New York City finds itself engulfed in an unprecedented cloud of dense smog resembling the atmospheric conditions on Mars as record-breaking levels of air pollution grip the metropolis.
Urgent advisories have been issued to residents, urging them to remain indoors, shielded from the toxic particles that have shrouded the city in an eerie orange haze reminiscent of an apocalyptic scene. Astounded by the fog’s otherworldly appearance, New Yorkers liken it to something extraterrestrial.
The smog plaguing New York City is attributed to the relentless wildfires ravaging parts of Canada. Authorities are steadfast in their call for people to stay inside and wear masks if venturing outdoors, as numerous individuals report difficulty breathing due to the suffocating smog. Read more.
Extending the air quality alert to a third consecutive day, authorities have raised a “Code Red” alarm as forecasted winds continue to propel the hazardous air further south.
Captivating video footage, shared on Twitter by the National Weather Service, documents the rapid deterioration of visibility within New York City. From an unmistakable skyline at 11 am local time, the visual transformation unfolds within three hours, with the smoke thickening to engulf the skyscrapers in a hazy orange blur.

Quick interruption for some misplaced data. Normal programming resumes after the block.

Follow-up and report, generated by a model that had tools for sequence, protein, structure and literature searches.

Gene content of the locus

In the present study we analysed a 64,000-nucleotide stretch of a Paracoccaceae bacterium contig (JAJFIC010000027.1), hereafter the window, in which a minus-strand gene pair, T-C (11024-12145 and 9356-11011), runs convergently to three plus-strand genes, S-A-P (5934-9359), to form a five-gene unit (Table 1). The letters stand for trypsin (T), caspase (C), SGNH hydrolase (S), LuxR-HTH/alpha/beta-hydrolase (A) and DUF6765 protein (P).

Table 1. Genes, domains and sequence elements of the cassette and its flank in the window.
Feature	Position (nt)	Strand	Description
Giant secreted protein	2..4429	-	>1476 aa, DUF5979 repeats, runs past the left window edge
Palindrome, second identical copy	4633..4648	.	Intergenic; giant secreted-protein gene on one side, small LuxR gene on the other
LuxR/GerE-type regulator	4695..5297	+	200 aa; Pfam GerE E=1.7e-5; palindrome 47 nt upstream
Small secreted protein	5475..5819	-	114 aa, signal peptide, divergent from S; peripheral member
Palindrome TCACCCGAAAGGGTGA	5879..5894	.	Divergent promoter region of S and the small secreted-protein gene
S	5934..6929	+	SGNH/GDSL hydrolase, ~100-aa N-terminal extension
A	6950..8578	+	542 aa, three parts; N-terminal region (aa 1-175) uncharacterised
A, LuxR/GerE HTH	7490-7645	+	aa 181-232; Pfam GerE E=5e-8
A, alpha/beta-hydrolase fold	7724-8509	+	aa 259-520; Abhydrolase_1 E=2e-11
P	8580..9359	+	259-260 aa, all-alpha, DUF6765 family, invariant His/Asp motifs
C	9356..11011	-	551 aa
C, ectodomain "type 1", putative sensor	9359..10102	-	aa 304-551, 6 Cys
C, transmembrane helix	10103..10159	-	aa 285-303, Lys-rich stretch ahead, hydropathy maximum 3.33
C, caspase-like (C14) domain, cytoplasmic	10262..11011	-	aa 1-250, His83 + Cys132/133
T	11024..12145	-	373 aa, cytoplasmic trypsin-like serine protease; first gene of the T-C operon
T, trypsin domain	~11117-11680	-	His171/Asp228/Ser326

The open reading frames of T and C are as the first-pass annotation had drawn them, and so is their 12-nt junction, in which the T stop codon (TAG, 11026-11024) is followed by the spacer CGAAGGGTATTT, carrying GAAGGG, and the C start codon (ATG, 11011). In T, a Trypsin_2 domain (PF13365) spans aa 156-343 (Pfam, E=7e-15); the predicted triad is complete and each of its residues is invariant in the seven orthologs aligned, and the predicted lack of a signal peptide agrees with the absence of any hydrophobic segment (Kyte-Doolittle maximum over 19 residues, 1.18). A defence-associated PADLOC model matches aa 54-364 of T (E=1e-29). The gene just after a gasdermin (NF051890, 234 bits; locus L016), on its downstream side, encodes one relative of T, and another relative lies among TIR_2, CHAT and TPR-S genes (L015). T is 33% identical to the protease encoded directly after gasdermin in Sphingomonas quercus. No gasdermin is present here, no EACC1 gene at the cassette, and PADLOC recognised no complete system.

The National Weather Service, astonished by the spectacle, describes the situation as nearly inconceivable.
Mayor Eric Adams confirms that the air pollution index has reached a hazardous level of 484, the worst recorded since the 1960s.
In ordinary circumstances, New York City registers an air index of approximately 100. This dangerous and noxious haze from wildfires blazing across Quebec and Nova Scotia has blanketed vast areas of the United States and Canada, adversely impacting millions of individuals and setting new records for air pollution levels.
The wildfires in Canada have caused more than 400 fires, leading to the displacement of 20,000 people. As a portion of the Air Quality Index, the ongoing code red alerts signify the severity of the situation.
The AQI employs a colour-coded system on a 500-point scale, with green indicating healthy air and higher levels, such as red, purple, and maroon, indicating hazardous and highly unhealthy conditions. With New York City’s air quality currently classified as purple, the region is in a hazardous state.
Meteorologist Bryan Ramsey from the US National Weather Service explains that the weather systems responsible for carrying the smoke from Canada to the United States—a low-pressure system over Maine and Nova Scotia—are expected to persist for several days, prolonging the smog’s presence over New York City and its environs.